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Speeding up and running legacy test suites, part one

This is part one in a two part series on Test Driven Development at SpiderOak.
In part one, I discuss ways to decrease the time it takes to run a test suite.
In part two, I’ll discuss two ways to run a test suite that are painful if the
tests are slow, but greatly beneficial if performed often with fast tests.

As any experienced developer will likely say, the longer a test suite takes to
run, the less often it will be run. A test suite that is seldom run can be
worse than no test suite at all, as production code behavior diverges from that
of the tests, possibly leading to a test suite that lies to you about the
correctness of your code. A top priority, therefore, for any software
development team that believes testing is beneficial, should be to maintain
fast tests.

Over the years, SpiderOak has struggled with this. The reason, and I suspect
many test suites run slowly for similar reasons, is tests which claim to be
testing a “unit”, but actually end up running code from many parts of the
system. In the early days of SpiderOak we worked around some of the problem by
caching, saving/restoring state using test fixtures, etc. But a much better
approach, which we’re in the process of implementing, is to make unit tests
actually test small units rather than entire systems. During the
transition, we still have the existing heavy tests to fall back on, but for
day-to-day development, small unit tests profoundly increase productivity.

There are many techniques for keeping tests small and fast, and even more for
transitioning a legacy test suite. Each code base will ultimately require its
own tricks, but I will outline a few here that we’ve adopted at SpiderOak.

Mocks

Mock objects are “stand-in” objects that replace parts of your code that are
expensive to set up or perform, such as encryption, network or disk access,
etc. Using mocks can greatly improve the running time of your tests. At
SpiderOak, we use Michael Foord’s excellent
Mock library.

One area where mocking has been particularly helpful in speeding up the legacy
tests in SpiderOak is by reducing startup time. In some cases, even if
individual tests run quickly, running the test suite can still take a long time
due to unnecessary startup costs, such as importing modules unrelated to the
code under test. To work around this, I often inject a fake module into
Python’s import system to avoid loading huge amounts of code orthogonal to what
I’m trying to test. As an example, at the top of a test module, you might see
the following:

import sys
from test.util import Bucket

# don't waste time importing the real things, since we're isolating anyway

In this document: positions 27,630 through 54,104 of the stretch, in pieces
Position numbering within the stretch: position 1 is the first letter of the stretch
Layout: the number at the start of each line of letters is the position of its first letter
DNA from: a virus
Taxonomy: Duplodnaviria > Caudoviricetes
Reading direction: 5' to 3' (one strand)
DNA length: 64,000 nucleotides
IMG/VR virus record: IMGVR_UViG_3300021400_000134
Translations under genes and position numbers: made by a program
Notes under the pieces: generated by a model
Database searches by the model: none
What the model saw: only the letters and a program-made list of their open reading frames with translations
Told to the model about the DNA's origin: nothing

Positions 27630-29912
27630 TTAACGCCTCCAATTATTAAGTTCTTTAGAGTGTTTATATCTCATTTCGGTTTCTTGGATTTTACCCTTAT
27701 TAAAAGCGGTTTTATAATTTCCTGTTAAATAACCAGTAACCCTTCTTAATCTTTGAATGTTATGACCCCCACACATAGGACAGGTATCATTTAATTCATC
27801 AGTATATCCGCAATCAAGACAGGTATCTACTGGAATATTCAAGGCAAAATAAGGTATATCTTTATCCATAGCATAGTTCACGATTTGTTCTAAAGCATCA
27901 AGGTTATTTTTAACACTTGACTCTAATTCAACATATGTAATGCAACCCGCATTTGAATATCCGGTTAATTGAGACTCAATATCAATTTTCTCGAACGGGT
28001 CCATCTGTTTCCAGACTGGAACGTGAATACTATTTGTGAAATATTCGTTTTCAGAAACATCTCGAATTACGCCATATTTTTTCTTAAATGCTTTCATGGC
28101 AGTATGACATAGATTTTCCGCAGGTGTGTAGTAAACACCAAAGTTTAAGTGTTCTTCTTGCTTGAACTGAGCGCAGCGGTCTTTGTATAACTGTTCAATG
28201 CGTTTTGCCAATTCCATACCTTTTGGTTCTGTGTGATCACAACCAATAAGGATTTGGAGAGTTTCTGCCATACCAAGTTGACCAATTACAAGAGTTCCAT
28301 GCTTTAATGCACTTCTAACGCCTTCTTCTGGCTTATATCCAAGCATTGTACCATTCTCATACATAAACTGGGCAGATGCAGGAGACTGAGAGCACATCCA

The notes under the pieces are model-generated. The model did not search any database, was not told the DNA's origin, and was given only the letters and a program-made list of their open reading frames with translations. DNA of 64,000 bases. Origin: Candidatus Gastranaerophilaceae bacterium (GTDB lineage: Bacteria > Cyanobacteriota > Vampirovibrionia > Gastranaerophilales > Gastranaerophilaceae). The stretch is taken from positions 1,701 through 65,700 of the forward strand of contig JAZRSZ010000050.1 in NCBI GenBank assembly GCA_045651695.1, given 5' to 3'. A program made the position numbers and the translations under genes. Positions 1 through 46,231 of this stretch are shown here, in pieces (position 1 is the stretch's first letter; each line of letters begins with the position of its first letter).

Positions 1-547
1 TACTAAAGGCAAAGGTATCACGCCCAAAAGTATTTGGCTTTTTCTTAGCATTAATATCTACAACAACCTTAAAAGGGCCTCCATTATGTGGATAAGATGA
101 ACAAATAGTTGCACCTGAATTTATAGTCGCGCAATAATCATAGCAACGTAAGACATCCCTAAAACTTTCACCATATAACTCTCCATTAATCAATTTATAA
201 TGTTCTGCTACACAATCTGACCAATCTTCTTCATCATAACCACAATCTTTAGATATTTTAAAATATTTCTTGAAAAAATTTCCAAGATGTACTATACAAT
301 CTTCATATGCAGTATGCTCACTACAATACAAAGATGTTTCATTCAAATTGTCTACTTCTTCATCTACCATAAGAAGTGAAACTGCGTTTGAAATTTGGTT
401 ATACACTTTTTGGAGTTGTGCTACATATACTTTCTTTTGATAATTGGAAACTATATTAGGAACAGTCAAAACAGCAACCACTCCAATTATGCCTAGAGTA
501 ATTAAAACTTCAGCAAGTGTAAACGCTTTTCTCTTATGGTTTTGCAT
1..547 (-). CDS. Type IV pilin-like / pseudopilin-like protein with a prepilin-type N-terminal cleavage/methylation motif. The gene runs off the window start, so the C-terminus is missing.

sys.modules['foo'] = Bucket()
sys.modules['foo.bar'] = sys.modules['foo'].bar

import baz

How it works

When you import a module in Python, the interpreter first looks for it in
sys.modules. This speeds up subsequent imports of a module that has already
been imported. We can also take advantage of this fact to prevent importing of
bloated modules altogether, by sticking a lightweight fake object in there,
which will get imported instead of the real code.

In the example above, foo is a bloated module that takes a long time to load,
and baz is the module under test. baz imports foo, so without this
workaround, the test would take a long time to load as it imports foo. Since
we’re writing isolated unit tests, using Mocks to replace things in foo, we
can skip importing foo for the tests altogether, saving time.

Bucket is a simple class that I use whenever I need an object on which I can
access an arbitrary path of attributes. This is perfect for fake package/module
structures, so I often use it for this purpose.

from collections import defaultdict

class Bucket(defaultdict):
    def __init__(self, *args, **kw):
        super(Bucket, self).__init__(Bucket, *args, **kw)
        self.__dict__ = self

This class allows you to access arbitrary attributes and get another Bucket
back. For example:

bucket = Bucket()
some_object = bucket.some.path.to.some_object
assert type(some_object) == Bucket

A caveat: since Python imports packages and modules recursively, you need to insert each
part of the dotted path into sys.modules for this to work. As you can see, I
have done this for foo.bar in the example from above.

sys.modules['foo'] = Bucket()
sys.modules['foo.bar'] = sys.modules['foo'].bar

Ideally, using an isolated approach to TDD with Mock objects, your project
would never evolve into a state where importing modules takes a long time, but
when working with a legacy codebase, the above approach can sometimes help your
tests run faster, which means they’ll be run more often, during the transition.

Next, part two will outline two ways to run your tests regularly. After all, a
test suite is only useful when it is actually used.